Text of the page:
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Sandeep Singh Brar | Toronto, Canada
Posted: 12:29 PM | April 10, 2014

Buyer Beware of Sikh Auctions

An examination of auction photographs of the sword offered by Mullock’s reveals a sword quite unlike any of the other known swords verified to have once belonged to Maharaja Ranjeet Singh. The Mullock’s sword is of a simpler, more rudimentary design. It contains no diamonds or emeralds, or rubies or gold, or any precious element. The hilt contains a simple floral design in steel. The Mullock’s description states that this may be an earlier 18th century hilt that may have been gold plated at one time. That may indeed be the case, and the hilt may be from the earlier Mughal era, preceding the Sikh Empire. Unlike the jewelled scabbards of the swords of the maharaja preserved in various collections, the Mullock’s sword is described as having only a leather-covered scabbard.

Maharaja Ranjeet Singh's sword

In terms of the Gurmukhi lettering on the sword, unlike the intricate gold lettering found on some of Ranjeet Singh’s swords and armour, the Mullock’s sword features crudely etched lettering. Illustrations on a sword blade belonging to Maharaja Ranjeet Singh, in the Maharaja Ranjeet Singh Museum, in Amritsar, features a finely crafted stunning scene of various animals on the blade, created by a master craftsman. By comparison, the Mullock’s sword has a very crudely drawn, and almost cartoon-like outline of Ranjeet Singh on the blade, lacking any relief details. It clearly is not the work of a master craftsman.

The Mullock’s sword bears all the hallmarks of a sword possibly produced by a provincial craftsman for a local patron, perhaps a village chief or landlord. The craftsman many have used an older Mughal-era hilt and added a sword blade with crude letterings and illustration to the sword. It may have been commissioned by its owner as a tribute to the Maharaja, or perhaps produced as a souvenir.

Mullock’s auction description indicates there is some evidence of the handle having once been gold plated at some time in the past. Gold is typically melted or removed from jewellery or an object when the value of the gold is higher than the value of the object itself. If this really was a sword belonging to Maharaja Ranjeet Singh, its value as such at any given time would have been ten-fold compared to a few ounces of melted gold. The gold would never have been removed by someone unless they knew that the sword was not particularly important or valuable. The gold, diamonds, rubies, emeralds and other precious elements have never been removed from the known surviving swords of Maharaja Ranjeet Singh.

Whatever the Mullock’s swords may be, we can say with certainty that it is not consistent with the quality and craftsmanship of the surviving swords known to have belonged to Maharaja Ranjeet Singh, or to members of the royal court of the Sikh Empire.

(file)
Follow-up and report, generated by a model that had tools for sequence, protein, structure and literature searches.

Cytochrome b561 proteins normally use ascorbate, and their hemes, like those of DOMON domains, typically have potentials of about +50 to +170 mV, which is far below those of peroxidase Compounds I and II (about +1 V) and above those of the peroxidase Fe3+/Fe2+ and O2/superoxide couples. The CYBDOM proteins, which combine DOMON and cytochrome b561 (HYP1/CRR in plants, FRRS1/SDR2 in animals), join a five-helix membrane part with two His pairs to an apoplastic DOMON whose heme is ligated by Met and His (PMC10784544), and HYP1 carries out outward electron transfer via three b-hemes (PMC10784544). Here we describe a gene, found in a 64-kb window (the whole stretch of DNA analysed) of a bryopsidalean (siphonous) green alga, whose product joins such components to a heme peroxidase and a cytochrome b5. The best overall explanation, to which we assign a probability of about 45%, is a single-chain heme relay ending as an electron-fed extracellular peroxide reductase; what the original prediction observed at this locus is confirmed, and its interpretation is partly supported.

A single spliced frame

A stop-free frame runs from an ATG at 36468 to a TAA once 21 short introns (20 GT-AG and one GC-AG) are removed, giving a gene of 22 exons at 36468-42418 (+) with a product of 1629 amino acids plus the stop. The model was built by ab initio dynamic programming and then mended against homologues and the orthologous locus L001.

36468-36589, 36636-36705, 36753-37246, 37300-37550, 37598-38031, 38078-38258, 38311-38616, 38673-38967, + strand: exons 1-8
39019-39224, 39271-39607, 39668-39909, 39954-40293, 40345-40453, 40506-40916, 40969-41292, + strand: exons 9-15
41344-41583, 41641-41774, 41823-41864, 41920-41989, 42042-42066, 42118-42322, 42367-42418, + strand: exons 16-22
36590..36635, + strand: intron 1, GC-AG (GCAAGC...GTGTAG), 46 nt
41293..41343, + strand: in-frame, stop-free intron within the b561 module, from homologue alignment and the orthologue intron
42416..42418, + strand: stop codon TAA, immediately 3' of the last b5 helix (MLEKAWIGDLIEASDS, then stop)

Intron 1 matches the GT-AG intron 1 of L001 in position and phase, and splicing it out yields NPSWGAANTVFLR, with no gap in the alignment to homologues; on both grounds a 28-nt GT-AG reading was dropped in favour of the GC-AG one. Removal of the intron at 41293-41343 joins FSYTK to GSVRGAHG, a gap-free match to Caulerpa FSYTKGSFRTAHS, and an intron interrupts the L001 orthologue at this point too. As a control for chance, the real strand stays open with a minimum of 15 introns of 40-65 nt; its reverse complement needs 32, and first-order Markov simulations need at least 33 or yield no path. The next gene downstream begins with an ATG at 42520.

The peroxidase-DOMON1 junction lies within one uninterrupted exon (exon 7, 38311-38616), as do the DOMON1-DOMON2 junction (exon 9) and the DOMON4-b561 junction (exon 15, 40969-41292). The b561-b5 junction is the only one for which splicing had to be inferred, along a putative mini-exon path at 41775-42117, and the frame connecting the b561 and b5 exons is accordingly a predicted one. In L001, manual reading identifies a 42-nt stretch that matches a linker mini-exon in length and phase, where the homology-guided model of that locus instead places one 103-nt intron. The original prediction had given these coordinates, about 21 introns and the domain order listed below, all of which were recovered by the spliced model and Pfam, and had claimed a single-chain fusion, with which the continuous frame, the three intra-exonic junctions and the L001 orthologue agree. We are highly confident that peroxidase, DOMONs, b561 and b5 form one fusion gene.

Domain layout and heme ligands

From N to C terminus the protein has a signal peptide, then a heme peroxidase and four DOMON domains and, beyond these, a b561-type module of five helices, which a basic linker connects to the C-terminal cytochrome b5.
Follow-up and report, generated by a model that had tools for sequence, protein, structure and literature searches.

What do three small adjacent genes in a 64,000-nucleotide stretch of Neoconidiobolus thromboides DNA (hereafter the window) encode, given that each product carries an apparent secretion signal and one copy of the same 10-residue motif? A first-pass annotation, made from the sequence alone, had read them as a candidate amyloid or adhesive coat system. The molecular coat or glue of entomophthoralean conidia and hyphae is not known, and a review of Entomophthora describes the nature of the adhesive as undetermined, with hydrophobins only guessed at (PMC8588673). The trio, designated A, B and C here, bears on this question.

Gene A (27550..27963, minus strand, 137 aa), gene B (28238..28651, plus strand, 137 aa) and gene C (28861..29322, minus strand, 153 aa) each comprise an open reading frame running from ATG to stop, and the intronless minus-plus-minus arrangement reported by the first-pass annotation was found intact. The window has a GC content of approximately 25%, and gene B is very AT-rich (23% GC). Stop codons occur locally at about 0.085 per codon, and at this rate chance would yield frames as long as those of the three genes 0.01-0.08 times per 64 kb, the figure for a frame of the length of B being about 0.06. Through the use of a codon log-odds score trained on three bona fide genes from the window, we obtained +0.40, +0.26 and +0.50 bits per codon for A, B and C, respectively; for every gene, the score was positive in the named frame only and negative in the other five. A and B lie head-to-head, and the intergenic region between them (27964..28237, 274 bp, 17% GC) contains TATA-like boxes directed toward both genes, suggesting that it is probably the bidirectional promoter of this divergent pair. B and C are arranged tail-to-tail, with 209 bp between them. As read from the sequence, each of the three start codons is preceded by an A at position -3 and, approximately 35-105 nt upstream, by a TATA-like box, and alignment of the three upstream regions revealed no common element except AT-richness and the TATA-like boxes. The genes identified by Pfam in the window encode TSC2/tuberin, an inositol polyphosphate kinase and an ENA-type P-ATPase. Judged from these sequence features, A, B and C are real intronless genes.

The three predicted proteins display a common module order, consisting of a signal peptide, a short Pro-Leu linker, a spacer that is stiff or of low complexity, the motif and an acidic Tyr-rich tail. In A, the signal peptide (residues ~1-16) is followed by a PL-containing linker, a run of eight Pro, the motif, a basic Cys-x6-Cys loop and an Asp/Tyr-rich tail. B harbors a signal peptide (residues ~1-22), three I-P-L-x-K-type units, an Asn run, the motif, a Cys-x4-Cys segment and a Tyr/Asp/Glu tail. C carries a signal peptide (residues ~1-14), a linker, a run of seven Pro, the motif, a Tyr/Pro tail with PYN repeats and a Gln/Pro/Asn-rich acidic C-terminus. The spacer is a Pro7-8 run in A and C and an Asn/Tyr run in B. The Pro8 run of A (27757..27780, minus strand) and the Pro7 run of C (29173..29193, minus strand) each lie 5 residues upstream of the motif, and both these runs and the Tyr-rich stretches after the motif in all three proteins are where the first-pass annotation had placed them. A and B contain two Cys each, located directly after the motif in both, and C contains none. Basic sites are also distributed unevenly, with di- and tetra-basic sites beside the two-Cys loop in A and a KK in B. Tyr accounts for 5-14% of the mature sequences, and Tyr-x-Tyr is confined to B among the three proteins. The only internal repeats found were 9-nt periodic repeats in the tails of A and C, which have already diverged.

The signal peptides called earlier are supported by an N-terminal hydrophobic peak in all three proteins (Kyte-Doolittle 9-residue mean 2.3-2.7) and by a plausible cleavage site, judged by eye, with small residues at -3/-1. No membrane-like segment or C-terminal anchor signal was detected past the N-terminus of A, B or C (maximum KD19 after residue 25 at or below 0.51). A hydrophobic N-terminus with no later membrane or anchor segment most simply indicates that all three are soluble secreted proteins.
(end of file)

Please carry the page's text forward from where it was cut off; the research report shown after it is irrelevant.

It is very important that well-meaning Sikh collectors who are doing their best, as are researchers like myself, to preserve and showcase Sikh heritage, take the extra steps necessary to ensure that they do their due diligence and consult with historians and subject-matter experts in Sikh artifacts before getting carried away in the enthusiasm and excitement of Sikh auctions.

Are the descriptions of items offered at auction houses always correct, and can they be taken as infallible? Not necessarily, I know this through my personal experience, as I have on occasion been asked by major top-tier auction houses to provide my expert opinion on specific Sikh items that they were planning to sell. In one case, they had misidentified a painting of a battle scene as being that of Sikh soldiers, when they were actually Muslim soldiers. In another case, they had erroneously described a painting as being that of a Sikh Guru, when I identified it as actually a painting of a Patiala raja. In my most recent involvement, last year, a painting purported to be that of Maharaja Ranjeet Singh was actually not the maharaja at all.

Although I don’t consider myself an expert on Sikh arms and armour, but I am happy that I have been able to contribute something to the field with the ground-breaking exhibit, “In Search of the Sikh Helmet,” launched at SikhMuseum.com, last year. To date, the research work found in the exhibit is one of the most detailed examinations of the usage of battle helmets among 19th century Sikhs, including the famed turban-helmet.

As a community we have a growing number of historians and researchers who are specialists in various aspects of our history and cultural heritage. Mullock’s is a British-based auction house, and it is ironic that two of the best subject matter experts that I can think of on Sikh arms and armour are based right there as well: Runjeet Singh, a dealer who runs Akaal Arms, and Davinder Singh Toor, a passionate collector. Both Runjeet and Davinder are great examples of the types of folks of the highest caliber subject-matter expertise that we have in our community. It is important that enthusiastic well-meaning Sikh collectors seek out such experts before investing in high profile Sikh items offed for sale at auction houses, or by dealers.

____________________

Sandeep Singh Brar is curator of SikhMuseum.com.

Commentaries are the opinions of the authors, and not necessarily that of Sikh News Network.





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